With regard to retail leases, the Dutch Civil Code contains a mandatory provision enabling the tenant to demand the substitution of a third party as tenant under the lease if the tenant transfers its business to such third party. If the landlord does not accept the substitution, the tenant can enforce such substitution through a court order, which replaces the approval of the landlord for the substitution. The court will deny a claim for substitution if (i) the tenant has no ponderous interest, (ii) the business is not actually transferred to the third party, and/or (iii) the third party is unable to safeguard that it will comply with the obligations under the lease and function properly. The court will weigh the interests of both parties involved, and may attach conditions to a substitution.


A lease entered into with regard to a property to be used as a hotel would qualify as a retail lease. However, the parties can also enter into a management or a hybrid lease with a (partial) revenue or turnover-based rent.

According to insolvency law, either the bankruptcy trustee or the landlord may terminate a lease when a tenant is declared bankrupt, in which case a notice period of three months is sufficient. If the landlord terminates the lease in such event, the bankruptcy trustee can start legal proceedings to continue the lease despite the termination of the landlord if a third party has the intention to take over the position of the tenant under the lease.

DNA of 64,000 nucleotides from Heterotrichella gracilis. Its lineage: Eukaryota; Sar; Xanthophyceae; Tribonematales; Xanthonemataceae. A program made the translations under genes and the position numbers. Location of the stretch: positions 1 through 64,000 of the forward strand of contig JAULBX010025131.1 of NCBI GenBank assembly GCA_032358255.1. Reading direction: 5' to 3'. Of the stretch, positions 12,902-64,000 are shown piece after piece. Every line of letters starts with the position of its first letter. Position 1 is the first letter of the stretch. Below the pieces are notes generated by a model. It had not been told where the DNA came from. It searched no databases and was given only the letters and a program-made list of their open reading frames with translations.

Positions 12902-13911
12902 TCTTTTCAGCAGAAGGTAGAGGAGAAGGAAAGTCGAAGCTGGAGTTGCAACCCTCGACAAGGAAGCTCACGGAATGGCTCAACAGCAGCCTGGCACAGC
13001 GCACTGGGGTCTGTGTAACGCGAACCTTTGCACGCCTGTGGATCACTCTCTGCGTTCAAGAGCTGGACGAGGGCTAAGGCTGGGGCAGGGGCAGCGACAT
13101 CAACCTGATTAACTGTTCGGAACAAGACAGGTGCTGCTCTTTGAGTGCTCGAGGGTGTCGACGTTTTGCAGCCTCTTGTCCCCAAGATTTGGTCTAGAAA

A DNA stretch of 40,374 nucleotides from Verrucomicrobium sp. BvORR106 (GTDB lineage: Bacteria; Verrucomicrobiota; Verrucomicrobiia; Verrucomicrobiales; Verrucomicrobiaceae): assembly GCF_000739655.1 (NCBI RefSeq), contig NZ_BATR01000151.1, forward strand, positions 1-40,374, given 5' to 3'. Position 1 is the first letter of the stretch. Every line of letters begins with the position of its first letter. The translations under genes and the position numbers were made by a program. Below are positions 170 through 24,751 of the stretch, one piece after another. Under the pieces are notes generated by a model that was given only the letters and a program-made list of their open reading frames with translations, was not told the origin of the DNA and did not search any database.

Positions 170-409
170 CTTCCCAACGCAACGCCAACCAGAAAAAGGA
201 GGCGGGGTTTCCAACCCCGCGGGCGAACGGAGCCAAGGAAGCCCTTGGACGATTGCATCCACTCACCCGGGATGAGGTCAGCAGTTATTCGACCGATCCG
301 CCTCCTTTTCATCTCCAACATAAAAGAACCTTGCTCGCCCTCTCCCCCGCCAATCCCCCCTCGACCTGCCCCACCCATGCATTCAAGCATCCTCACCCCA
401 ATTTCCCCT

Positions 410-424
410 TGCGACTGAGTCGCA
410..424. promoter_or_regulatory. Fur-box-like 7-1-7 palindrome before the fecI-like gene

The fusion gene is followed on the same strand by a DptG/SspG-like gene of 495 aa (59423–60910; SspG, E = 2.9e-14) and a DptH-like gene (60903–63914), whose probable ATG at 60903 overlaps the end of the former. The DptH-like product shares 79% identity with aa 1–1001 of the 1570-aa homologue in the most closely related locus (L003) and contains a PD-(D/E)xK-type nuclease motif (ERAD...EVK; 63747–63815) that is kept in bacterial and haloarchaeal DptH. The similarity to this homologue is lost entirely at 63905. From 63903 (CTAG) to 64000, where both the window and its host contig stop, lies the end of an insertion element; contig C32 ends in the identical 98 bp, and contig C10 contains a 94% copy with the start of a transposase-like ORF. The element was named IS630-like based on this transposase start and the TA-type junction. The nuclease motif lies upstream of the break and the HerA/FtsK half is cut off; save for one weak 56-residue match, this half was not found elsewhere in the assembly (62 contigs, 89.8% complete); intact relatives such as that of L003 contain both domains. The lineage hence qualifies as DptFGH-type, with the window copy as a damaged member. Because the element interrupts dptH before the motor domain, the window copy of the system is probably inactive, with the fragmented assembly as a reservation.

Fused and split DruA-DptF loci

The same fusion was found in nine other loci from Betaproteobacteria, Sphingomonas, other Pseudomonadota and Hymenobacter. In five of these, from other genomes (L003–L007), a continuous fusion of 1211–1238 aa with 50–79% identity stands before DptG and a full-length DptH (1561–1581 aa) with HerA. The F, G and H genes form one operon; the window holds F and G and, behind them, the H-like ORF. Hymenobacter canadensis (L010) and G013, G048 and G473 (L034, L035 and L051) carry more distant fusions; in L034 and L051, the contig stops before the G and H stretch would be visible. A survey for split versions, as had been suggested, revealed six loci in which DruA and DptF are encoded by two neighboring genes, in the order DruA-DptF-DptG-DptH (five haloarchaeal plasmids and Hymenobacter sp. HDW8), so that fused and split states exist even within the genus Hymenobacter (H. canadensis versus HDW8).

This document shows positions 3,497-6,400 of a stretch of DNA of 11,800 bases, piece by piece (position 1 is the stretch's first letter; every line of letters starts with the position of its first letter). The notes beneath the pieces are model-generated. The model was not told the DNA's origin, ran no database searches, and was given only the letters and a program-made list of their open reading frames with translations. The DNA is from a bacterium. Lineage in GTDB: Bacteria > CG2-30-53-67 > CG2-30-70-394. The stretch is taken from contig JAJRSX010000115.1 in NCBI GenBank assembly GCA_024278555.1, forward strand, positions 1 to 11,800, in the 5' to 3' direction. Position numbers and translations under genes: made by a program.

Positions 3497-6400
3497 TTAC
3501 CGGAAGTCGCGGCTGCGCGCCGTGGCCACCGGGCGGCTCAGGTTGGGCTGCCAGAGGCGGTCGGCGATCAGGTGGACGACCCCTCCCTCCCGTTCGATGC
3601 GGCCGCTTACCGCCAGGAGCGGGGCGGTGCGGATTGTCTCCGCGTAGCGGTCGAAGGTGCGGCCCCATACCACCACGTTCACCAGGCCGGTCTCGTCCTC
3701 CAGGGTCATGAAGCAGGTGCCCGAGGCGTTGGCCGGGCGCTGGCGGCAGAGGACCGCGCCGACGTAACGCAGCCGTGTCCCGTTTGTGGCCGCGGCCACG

As security for the fulfilment by the tenant of its obligations under the lease, the landlord usually requests a security (zekerheidsstelling). The most widely used security is a bank guarantee, which is usually issued by the bank for an amount equalling a maximum of three months of rent, service charges and VAT charged over the rent and service charges for such period. Alternatives are a corporate guarantee, a deposit or a 403-statement (403-verklaring), the latter being a specific type of parent guarantee under Dutch law.

Industrial Leases and Leases of Other Types of Commercial Space (Office, Industrial, Non-retail)